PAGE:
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J Acquir Immune Defic Syndr. 2017 Aug 1;75(4):417-425. doi: 10.1097/QAI.0000000000001398.

The Impact of Couple HIV Testing and Counseling on Consistent Condom Use Among Pregnant Women and Their Male Partners: An Observational Study.

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*UNC Project, University of North Carolina at Chapel Hill, Lilongwe, Malawi; †School of Medicine, University of North Carolina at Chapel Hill, Chapel Hill, NC; ‡Departments of Epidemiology and Health Behavior, School of Public Health, University of North Carolina at Chapel Hill, Chapel Hill, NC; §Faculty of Medicine and Faculty of Social, Human, and Mathematical Sciences, University of Southampton, Southampton, United Kingdom; and ‖Department of Epidemiology, Ohio State University, Columbus, OH.



In sub-Saharan Africa couple HIV testing and counseling (CHTC) has been associated with substantial increases in safe sex, especially when at least one partner is HIV infected. However, this relationship has not been characterized in an Option B+ context.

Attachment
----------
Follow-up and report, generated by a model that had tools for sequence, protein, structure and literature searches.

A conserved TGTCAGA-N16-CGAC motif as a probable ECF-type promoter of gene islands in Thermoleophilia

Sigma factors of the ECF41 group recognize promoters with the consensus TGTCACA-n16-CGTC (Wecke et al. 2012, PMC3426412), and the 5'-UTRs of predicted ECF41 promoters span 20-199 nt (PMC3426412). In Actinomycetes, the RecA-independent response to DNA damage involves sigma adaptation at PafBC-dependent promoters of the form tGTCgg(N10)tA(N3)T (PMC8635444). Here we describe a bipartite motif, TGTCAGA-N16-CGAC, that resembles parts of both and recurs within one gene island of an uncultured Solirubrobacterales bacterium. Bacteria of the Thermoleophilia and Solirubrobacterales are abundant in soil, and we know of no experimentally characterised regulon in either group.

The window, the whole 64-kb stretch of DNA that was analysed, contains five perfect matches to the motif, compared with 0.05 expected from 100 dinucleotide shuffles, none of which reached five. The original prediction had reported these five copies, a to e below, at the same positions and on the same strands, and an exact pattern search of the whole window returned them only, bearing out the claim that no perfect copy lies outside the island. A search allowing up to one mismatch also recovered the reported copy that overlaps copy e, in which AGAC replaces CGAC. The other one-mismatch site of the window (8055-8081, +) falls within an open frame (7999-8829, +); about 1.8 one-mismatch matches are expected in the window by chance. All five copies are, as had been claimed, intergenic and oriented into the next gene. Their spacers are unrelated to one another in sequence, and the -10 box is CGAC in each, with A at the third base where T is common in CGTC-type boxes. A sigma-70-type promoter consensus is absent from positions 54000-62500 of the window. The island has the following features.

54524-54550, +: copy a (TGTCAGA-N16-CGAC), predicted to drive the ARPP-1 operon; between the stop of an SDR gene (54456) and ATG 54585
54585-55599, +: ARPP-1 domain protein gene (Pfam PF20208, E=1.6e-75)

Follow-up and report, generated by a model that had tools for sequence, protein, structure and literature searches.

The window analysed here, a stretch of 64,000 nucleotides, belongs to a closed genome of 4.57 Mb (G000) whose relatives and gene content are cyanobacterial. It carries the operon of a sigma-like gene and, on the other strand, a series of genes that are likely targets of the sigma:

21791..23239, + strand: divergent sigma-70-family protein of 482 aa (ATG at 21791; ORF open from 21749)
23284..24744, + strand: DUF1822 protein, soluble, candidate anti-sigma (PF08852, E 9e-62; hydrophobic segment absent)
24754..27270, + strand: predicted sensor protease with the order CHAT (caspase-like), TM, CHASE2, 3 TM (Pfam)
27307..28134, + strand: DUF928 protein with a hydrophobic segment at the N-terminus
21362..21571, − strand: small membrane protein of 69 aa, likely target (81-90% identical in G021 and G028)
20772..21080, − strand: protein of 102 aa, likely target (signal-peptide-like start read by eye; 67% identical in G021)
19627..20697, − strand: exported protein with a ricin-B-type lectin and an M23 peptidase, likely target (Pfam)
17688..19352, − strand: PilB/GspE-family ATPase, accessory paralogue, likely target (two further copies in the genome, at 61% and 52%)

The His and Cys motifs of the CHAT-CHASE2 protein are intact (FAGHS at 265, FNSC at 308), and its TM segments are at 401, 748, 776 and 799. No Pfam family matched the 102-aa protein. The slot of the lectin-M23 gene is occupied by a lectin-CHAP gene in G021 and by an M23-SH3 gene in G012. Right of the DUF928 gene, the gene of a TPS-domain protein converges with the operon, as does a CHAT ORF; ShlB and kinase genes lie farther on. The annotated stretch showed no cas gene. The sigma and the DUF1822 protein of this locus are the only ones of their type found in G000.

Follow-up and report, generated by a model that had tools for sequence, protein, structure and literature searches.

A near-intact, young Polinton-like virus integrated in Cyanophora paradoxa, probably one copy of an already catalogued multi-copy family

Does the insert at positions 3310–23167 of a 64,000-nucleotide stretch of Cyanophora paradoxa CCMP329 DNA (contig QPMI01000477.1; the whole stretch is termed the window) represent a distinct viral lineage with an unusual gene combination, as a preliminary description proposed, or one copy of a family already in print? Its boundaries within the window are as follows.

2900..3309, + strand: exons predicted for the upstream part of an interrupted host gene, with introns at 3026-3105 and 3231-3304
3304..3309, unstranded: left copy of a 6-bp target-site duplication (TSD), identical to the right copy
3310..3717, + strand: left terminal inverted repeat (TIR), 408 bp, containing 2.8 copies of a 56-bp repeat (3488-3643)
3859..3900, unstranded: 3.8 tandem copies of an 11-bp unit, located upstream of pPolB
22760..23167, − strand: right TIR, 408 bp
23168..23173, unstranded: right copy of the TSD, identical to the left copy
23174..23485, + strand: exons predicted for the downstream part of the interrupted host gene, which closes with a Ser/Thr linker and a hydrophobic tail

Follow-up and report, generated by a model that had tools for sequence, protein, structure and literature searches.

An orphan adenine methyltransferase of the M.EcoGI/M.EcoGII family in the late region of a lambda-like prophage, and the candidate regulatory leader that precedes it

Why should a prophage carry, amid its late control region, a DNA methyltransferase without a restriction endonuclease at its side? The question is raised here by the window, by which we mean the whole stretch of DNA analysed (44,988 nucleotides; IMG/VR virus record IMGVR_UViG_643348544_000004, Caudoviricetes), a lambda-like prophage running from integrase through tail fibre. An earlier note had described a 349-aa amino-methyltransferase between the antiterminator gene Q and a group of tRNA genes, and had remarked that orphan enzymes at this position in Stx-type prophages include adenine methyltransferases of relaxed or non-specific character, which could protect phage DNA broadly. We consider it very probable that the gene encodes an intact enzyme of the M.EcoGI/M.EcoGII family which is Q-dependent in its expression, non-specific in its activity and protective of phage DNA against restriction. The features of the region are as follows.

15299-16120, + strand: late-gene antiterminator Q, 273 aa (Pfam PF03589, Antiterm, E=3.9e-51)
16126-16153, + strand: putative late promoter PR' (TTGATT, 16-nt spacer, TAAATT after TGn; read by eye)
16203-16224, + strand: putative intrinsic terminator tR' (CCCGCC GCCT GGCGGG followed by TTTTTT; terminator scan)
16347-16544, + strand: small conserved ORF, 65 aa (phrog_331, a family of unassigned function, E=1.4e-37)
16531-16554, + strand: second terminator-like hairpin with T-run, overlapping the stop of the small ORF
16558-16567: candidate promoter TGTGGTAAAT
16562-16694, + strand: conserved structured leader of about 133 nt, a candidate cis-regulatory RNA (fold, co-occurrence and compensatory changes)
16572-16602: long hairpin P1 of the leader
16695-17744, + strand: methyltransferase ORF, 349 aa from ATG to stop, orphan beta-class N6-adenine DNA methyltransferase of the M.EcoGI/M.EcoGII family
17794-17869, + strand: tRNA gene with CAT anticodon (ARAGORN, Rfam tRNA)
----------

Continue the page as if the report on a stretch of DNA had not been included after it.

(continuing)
The study was conducted at the antenatal clinic at Bwaila District Hospital in Lilongwe, Malawi in 2016 under an Option B+ program.


Ninety heterosexual couples with an HIV-infected pregnant woman (female-positive couples) and 47 couples with an HIV-uninfected pregnant woman (female-negative couples) were enrolled in an observational study. Each couple member was assessed immediately before and 1 month after CHTC for safe sex (abstinence or consistent condom use in the last month). Generalized estimating equations were used to model change in safe sex before and after CHTC and to compare safe sex between female-positive and female-negative couples.


Mean age was 26 years among women and 32 years among men. Before CHTC, safe sex was comparable among female-positive couples (8%) and female-negative couples (2%) [risk ratio (RR): 3.7, 95% confidence interval (CI): 0.5 to 29.8]. One month after CHTC, safe sex was higher among female-positive couples (75%) than among female-negative couples (3%) (RR: 30.0, 95% CI: 4.3 to 207.7). Safe sex increased substantially after CTHC for female-positive couples (RR 9.6, 95% CI: 4.6 to 20.0), but not for female-negative couples (RR: 1.2, 95% CI: 0.1 to 18.7).


Engaging pregnant couples in CHTC can have prevention benefits for couples with an HIV-infected pregnant woman, but additional prevention approaches may be needed for couples with an HIV-uninfected pregnant woman.

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